The Toronto Reunion was held at the Day’s Hotel, just two days after the horrific terror attacks on September 11 which had an immediate and substantial impact on international travel worldwide. Airports were closed and flights were cancelled. Dozens of would-be participants from the United States and Europe were not able to fly to Toronto to attend the reunion. These cancellations threw the whole Committee for a loop. The hotel was booked and trips and outings had been pre-arranged. Should they cancel the reunion? On such short notice it was clearly impossible, especially, because a number of people had already arrived prior to the terror attacks, and food for more than 200 people had been planned and ordered. Telephone calls were made, emergency meetings were held to deal with this crisis, and a decision was made to forge ahead and do the best they could.
A number of loyal TFI-ers from the United States did everything they could to get a flight to Toronto. After several futile and disappointing trips to their local airport, in the hope of catching a flight to Toronto, their persistence finally paid off. They managed to get on different planes leaving the United States for Canada and, although the Reunion had started, they were still able to join their friends for the last two days of the reunion. Of the 208 registrants, 100 were able to make it to Toronto using other means of transportation.
The Toronto Reunion stands out in my mind, not only because of the tragedy of the terror attacks that rocked the world and killed thousands of innocent people, but also because we were confronted with the horror of such a vicious assault. But, life goes on, regardless.
The horrific tragedy of that violent attack weighed heavily on our minds, and people were understandably in low spirits and rather subdued. Fortunately, Sunny Oey Pek Ho, a Presbyterian minister from Ogdensburg, New York, who happened to be one of the participants, was able to inspire calm. He led us in prayer for the thousands of victims, their friends, and families.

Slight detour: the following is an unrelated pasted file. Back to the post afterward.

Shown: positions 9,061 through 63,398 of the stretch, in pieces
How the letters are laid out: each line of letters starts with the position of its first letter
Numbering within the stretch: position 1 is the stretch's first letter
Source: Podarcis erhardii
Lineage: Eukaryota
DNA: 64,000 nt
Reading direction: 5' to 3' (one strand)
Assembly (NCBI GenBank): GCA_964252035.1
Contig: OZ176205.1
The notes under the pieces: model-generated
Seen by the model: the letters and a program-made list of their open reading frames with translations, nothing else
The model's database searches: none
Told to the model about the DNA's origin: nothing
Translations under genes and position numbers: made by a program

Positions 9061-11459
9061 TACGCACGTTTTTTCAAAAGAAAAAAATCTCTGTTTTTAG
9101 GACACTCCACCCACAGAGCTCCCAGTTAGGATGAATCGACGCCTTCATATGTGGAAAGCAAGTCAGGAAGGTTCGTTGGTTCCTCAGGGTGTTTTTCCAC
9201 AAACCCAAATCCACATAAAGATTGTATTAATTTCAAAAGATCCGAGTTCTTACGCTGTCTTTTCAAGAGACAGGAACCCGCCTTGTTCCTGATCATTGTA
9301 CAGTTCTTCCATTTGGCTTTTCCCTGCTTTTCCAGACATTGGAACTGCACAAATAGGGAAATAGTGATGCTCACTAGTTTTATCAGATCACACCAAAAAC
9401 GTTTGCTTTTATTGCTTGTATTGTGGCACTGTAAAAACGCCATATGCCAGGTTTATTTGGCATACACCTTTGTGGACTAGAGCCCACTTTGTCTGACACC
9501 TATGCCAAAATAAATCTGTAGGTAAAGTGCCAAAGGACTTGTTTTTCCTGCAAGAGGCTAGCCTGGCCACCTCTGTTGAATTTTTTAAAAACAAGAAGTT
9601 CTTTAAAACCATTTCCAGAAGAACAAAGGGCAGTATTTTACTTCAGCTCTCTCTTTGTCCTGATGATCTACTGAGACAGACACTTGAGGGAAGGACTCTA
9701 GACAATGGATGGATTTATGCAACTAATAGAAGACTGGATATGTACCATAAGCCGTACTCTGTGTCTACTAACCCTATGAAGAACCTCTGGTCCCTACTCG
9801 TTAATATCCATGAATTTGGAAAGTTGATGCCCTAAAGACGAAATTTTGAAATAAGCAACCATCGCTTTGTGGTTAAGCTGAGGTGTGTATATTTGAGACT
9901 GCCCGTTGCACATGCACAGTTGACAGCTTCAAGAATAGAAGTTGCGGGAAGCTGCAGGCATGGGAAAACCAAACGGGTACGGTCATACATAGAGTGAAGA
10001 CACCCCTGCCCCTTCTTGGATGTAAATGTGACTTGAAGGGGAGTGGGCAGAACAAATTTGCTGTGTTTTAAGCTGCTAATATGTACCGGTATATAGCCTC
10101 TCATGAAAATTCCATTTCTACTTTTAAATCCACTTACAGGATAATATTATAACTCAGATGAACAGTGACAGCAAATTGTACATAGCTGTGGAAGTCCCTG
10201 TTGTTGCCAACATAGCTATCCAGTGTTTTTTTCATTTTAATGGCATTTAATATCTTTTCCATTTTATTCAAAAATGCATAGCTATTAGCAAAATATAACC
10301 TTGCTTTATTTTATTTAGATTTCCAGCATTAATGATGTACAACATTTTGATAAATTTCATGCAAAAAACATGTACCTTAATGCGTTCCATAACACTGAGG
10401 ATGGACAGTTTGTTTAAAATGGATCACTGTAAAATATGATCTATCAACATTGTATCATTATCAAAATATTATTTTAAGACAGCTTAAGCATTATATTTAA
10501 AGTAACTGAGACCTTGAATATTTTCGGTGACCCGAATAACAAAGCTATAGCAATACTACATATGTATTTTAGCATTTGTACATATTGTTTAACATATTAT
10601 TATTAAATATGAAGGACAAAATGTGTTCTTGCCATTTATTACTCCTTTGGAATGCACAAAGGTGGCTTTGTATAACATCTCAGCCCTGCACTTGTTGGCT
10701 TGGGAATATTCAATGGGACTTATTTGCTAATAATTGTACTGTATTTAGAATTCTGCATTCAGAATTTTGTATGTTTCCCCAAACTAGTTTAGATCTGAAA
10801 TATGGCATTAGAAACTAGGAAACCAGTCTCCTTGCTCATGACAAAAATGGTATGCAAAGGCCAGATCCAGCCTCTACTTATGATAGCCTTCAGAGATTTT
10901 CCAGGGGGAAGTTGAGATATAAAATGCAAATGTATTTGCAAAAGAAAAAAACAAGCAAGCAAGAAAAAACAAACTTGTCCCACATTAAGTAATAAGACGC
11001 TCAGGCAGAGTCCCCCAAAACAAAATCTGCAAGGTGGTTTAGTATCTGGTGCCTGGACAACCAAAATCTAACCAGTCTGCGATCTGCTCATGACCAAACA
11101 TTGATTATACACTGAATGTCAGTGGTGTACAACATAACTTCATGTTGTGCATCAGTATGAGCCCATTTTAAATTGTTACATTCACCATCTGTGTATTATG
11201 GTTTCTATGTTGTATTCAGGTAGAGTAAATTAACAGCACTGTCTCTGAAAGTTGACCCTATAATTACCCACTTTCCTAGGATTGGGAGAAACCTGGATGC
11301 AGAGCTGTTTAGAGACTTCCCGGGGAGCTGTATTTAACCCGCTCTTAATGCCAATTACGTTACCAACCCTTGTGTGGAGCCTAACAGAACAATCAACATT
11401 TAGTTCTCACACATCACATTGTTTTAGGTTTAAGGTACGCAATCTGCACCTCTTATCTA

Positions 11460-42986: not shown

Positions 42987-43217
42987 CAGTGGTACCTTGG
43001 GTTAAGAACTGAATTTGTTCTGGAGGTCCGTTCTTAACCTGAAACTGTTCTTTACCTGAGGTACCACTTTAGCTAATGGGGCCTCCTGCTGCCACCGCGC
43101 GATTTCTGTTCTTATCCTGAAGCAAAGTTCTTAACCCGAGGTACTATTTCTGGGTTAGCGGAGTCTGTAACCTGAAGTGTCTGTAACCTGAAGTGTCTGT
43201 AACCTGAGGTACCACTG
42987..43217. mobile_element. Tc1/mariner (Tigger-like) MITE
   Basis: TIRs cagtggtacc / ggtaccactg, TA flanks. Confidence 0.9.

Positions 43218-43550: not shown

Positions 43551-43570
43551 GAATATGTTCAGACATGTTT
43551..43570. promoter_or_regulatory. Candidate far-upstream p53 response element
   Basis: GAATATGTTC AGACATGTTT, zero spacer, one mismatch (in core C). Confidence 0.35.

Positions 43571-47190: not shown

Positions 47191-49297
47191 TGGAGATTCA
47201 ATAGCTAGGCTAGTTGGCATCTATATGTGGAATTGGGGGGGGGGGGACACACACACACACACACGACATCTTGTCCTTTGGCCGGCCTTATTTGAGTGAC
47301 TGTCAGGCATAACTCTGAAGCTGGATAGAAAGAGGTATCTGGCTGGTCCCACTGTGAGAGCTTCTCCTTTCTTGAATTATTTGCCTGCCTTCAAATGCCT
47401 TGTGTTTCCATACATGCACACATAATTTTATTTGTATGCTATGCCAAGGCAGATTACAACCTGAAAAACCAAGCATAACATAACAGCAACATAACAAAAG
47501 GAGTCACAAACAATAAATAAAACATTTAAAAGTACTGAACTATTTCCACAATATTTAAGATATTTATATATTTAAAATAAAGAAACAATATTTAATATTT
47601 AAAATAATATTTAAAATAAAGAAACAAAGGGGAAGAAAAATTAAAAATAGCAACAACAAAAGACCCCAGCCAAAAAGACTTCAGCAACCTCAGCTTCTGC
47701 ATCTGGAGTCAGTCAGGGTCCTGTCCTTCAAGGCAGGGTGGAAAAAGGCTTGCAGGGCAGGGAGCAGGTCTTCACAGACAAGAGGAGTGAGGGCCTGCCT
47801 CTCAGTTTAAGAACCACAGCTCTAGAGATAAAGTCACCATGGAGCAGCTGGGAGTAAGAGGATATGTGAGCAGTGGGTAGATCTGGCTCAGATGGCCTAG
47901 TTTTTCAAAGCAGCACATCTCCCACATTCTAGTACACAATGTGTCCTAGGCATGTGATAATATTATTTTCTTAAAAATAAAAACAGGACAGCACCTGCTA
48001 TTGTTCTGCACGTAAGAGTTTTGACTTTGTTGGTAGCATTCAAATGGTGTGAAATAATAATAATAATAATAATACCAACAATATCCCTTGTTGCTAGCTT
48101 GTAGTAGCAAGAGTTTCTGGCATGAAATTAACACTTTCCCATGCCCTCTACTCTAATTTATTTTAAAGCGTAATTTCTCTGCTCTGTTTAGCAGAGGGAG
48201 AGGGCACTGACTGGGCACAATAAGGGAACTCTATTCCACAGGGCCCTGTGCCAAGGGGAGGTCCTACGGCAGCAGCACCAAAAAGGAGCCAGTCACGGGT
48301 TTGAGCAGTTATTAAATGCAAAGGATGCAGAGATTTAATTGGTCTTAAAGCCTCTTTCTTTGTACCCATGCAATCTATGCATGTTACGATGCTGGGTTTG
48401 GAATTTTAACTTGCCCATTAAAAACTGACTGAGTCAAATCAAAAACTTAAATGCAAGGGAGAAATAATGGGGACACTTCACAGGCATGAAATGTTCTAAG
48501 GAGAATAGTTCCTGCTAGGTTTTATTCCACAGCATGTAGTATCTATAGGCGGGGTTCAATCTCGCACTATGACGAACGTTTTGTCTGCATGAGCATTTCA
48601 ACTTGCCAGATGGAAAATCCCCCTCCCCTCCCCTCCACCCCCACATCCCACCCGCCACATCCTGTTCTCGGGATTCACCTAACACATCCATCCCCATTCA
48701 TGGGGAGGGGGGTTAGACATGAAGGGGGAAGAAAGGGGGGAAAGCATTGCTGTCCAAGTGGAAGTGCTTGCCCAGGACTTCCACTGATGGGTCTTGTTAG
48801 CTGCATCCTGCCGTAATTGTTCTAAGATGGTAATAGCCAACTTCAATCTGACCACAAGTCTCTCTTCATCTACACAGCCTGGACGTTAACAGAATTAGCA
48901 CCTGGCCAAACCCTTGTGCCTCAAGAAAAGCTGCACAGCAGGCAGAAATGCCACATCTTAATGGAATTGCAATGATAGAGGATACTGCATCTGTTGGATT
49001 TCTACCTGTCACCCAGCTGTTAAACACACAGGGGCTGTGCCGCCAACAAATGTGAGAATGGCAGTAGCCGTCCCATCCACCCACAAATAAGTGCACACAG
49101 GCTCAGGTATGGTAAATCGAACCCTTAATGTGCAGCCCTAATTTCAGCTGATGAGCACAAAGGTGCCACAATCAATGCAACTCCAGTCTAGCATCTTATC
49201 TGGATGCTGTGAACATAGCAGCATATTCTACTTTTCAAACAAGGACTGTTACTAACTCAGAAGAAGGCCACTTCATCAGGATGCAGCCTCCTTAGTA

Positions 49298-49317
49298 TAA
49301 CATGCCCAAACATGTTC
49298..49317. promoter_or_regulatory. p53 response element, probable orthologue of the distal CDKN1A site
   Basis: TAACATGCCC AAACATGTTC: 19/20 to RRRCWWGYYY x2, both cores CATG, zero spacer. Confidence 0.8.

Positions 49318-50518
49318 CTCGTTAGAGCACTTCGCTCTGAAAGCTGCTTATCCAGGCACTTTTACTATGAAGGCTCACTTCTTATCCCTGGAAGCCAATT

The shock of this frightful tragedy brought us closer together, not only as reunion participants but as friends and human beings who were reminded of how precious life is, and that it should not be taken for granted, as it can be snuffed out in a blink, when one least expects it.
In spite of the September 11 event that cast a heavy shadow on the reunion, participants were still able to enjoy each other’s company and catch up with friends. The tour organizers, hotel and caterers were very understanding and, as a result, the Committee was able to modify the reunion program and adjust it to the number of participants that was reduced by half.
Participants were still able to visit Casa Loma castle, the former estate of Sir Henry Mill Pellatt, a prominent Toronto financier, industrialist and military man.They were treated to a picnic lunch in a park near the picturesque town of Niagara on the Lake, as well as a trip to Niagara Falls, one of the main tourist attractions of the world. On the last day of the reunion, there was a Toronto City Tour and a leisurely cruise on Lake Ontario from where participants had an amazing view of the city of Toronto with its sky scrapers and CN Tower, a symbol of Toronto and once the tallest free-standing structure in the world.
The organizers of the Toronto Reunion are to be commended for their courage and resilience in the face of disaster, and their ability to adapt to a difficult, most unusual situation.